How do you prepare for unplanned events? It’s an important question for anyone managing IT infrastructure for the retail industry.
While unexpected bursts in web traffic can strike any business, it’s becoming particularly common in retail. Retail has always been a bursty business, but it used to be more predictable. If your company were having a major sale, you could expect a boost in web traffic. But social media has changed the landscape. Successful influencers can spike the popularity of a product in just hours.
A prominent influencer posting a photo of themselves featuring a retail item—a pair of sneakers, a dress, a new gadget—can result in an immediate explosion in web traffic. This phenomenon even received a name in 2018, the “Meghan Effect,” after Meghan Markle’s wardrobe choice caused a retailer’s website to melt down—twice.
The impact of website failures can be severe. One study found that a three-second delay in web page load caused 40% of consumers to abandon the site. Making matters worse, 46% of users who have a bad website performance experience will not revisit the site.
Predict and Prepare for Peaks
While many factors impact website performance, data storage is a common bottleneck. Part of the challenge stems from how retail organizations typically purchase storage. Using a CAPEX-based model, retail IT teams have little choice but to buy storage to meet known peak periods.
In legacy scenarios, a retailer has to buy enough performance and capacity to meet the end-of-year holiday surge, as well as a mid-year peak for a big summer sale (Figure 1).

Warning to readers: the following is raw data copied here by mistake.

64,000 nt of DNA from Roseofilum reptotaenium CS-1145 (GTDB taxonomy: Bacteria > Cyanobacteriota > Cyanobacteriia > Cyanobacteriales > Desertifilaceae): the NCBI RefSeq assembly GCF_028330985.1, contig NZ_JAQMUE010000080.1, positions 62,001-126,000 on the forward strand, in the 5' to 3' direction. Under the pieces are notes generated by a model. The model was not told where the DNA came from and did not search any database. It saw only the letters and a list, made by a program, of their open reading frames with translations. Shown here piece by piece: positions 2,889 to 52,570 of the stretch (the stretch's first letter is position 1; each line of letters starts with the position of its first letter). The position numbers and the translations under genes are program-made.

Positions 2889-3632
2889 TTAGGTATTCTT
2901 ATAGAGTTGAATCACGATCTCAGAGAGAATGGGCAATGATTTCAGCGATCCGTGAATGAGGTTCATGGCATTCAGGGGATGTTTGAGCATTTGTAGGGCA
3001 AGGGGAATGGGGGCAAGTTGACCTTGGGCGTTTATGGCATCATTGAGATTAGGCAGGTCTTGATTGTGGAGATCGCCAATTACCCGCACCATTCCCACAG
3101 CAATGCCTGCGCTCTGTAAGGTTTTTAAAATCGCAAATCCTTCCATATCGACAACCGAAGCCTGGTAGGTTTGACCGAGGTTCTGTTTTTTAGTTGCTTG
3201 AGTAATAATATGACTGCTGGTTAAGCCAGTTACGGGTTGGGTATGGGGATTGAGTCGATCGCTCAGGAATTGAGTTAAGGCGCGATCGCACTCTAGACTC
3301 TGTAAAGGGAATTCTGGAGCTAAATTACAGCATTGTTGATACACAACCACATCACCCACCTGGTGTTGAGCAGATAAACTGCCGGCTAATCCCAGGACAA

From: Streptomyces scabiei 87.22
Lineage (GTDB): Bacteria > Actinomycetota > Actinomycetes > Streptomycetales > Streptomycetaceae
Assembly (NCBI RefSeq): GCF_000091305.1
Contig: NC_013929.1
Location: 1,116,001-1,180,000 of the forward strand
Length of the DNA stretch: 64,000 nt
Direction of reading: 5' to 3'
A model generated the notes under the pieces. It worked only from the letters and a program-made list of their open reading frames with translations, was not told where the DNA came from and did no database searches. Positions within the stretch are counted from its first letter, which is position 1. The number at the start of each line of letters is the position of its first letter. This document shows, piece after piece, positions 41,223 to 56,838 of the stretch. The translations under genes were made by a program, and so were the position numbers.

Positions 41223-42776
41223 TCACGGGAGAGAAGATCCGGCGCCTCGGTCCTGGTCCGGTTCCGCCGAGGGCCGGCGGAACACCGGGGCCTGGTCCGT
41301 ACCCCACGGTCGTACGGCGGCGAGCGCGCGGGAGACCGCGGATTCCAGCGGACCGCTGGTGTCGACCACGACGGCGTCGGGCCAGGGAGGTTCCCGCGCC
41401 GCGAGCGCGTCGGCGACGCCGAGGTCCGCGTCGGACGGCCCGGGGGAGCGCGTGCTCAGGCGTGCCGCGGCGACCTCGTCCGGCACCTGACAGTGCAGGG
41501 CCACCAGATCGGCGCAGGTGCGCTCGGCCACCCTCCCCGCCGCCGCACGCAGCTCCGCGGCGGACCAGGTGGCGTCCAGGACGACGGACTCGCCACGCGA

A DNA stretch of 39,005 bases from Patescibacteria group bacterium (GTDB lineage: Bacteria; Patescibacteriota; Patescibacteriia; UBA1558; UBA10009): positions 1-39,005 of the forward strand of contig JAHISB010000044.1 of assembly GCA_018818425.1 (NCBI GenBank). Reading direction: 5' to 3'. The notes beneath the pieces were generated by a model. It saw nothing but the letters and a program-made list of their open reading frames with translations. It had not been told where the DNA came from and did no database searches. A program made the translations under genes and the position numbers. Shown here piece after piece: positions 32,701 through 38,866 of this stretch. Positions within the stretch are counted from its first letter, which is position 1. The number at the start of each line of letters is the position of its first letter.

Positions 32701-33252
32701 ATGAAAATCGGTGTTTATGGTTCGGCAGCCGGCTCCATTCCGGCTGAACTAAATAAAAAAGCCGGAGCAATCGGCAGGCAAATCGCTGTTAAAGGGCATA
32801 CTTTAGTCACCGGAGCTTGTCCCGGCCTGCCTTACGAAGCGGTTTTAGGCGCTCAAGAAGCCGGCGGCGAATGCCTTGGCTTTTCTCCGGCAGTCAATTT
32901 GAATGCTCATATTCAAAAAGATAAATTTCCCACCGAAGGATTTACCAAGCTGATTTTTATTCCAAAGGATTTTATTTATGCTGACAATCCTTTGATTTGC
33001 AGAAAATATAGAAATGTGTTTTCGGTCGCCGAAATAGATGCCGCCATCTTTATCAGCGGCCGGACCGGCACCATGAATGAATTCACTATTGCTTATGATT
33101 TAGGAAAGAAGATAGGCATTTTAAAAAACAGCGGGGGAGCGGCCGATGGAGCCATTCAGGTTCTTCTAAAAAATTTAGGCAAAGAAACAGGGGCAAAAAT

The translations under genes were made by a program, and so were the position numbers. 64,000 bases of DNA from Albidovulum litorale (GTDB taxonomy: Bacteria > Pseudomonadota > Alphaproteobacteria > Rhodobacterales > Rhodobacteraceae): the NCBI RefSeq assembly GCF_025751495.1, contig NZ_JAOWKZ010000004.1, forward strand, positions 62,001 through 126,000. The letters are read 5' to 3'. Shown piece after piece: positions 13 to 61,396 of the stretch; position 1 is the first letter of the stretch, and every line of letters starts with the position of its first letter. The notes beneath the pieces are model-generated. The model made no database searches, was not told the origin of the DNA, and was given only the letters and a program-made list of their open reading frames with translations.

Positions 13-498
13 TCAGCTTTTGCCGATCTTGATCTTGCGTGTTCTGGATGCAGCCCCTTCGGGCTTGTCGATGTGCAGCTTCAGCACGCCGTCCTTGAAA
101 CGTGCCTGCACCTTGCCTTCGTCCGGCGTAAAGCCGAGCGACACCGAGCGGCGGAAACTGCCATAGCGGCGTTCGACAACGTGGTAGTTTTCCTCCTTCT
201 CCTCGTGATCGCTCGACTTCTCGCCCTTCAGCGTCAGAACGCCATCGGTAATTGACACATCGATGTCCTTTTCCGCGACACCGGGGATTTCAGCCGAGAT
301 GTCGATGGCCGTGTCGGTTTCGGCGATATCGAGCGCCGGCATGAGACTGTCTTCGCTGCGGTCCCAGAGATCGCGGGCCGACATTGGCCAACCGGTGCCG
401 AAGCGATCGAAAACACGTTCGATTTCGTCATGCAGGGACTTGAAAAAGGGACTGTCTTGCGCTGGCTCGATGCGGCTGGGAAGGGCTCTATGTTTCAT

The retailer is paying for 12 months of peak performance when it only needs that performance for about 3 months of the year. Even then, there’s often a performance crunch at peak times when traffic surpasses the expected level. This example rules out unexpected spikes, but those are possible as well. And when storage gear gets old and can’t meet performance needs, the only answer is a painful forklift upgrade to a newer kit.
So other than overbuying and tying up capital, what can an organization do? The answer: Go with an as-a-service buying model like Pure as-a-Service™.
Protect Peaks without Penalty
With Pure as-a-Service, you get a reserve capacity of on-premises storage that you use throughout the life of the contract at a discounted rate. If you exceed your reserve capacity during peak times, you simply move into on-demand capacity at the standard rate. On-demand capacity eliminates the risk of either purchasing too much or too little storage. And it accounts for the unpredictable nature of seasonal workloads and spikes.
With Pure as-a-Service, the same retailer would see something like Figure 2:
As your storage needs increase, Pure proactively scales up the infrastructure and capacity. Pure monitors usage and automatically adds capacity when you exceed 80% of your allocation. Pure as-a-Service also maintains 25% headroom (at no cost to you) above your actual usage. This helps ensure there’s always elastic and available capacity, so you never outgrow your storage. It’s the perfect solution to the unique challenges of retail IT. And it’s the best way to prepare for the unexpected.
Pure as-a-Service also keeps you up-to-date. It includes all software features (snapshots, replication, etc.) and adds new features as they’re released. When it takes newer gear to meet performance SLAs, Pure provides non-disruptive equipment upgrades. No forklift upgrades, no data migrations. The savings in staff time alone are exceptional. Your IT team can focus on important retail digital transformation.
Where does retail as an industry stand when it comes to as-a-service buying models? The fact is retail is behind the curve. However, industry analysts suggest the retail vertical is a perfect fit for as-a-service due to retail’s seasonal nature.
Get IDC’s perspective on the state of retail IT in the “Retail Digital Transformation Infrastructure 2021 Investment Guide.” The guide is free and discusses the impact of COVID-19 on retail digital transformation. It also delves into retail buying plans across technologies, including the Internet of Things, augmented/virtual reality, artificial intelligence, robotics, omnichannel security, and more.
You might also like: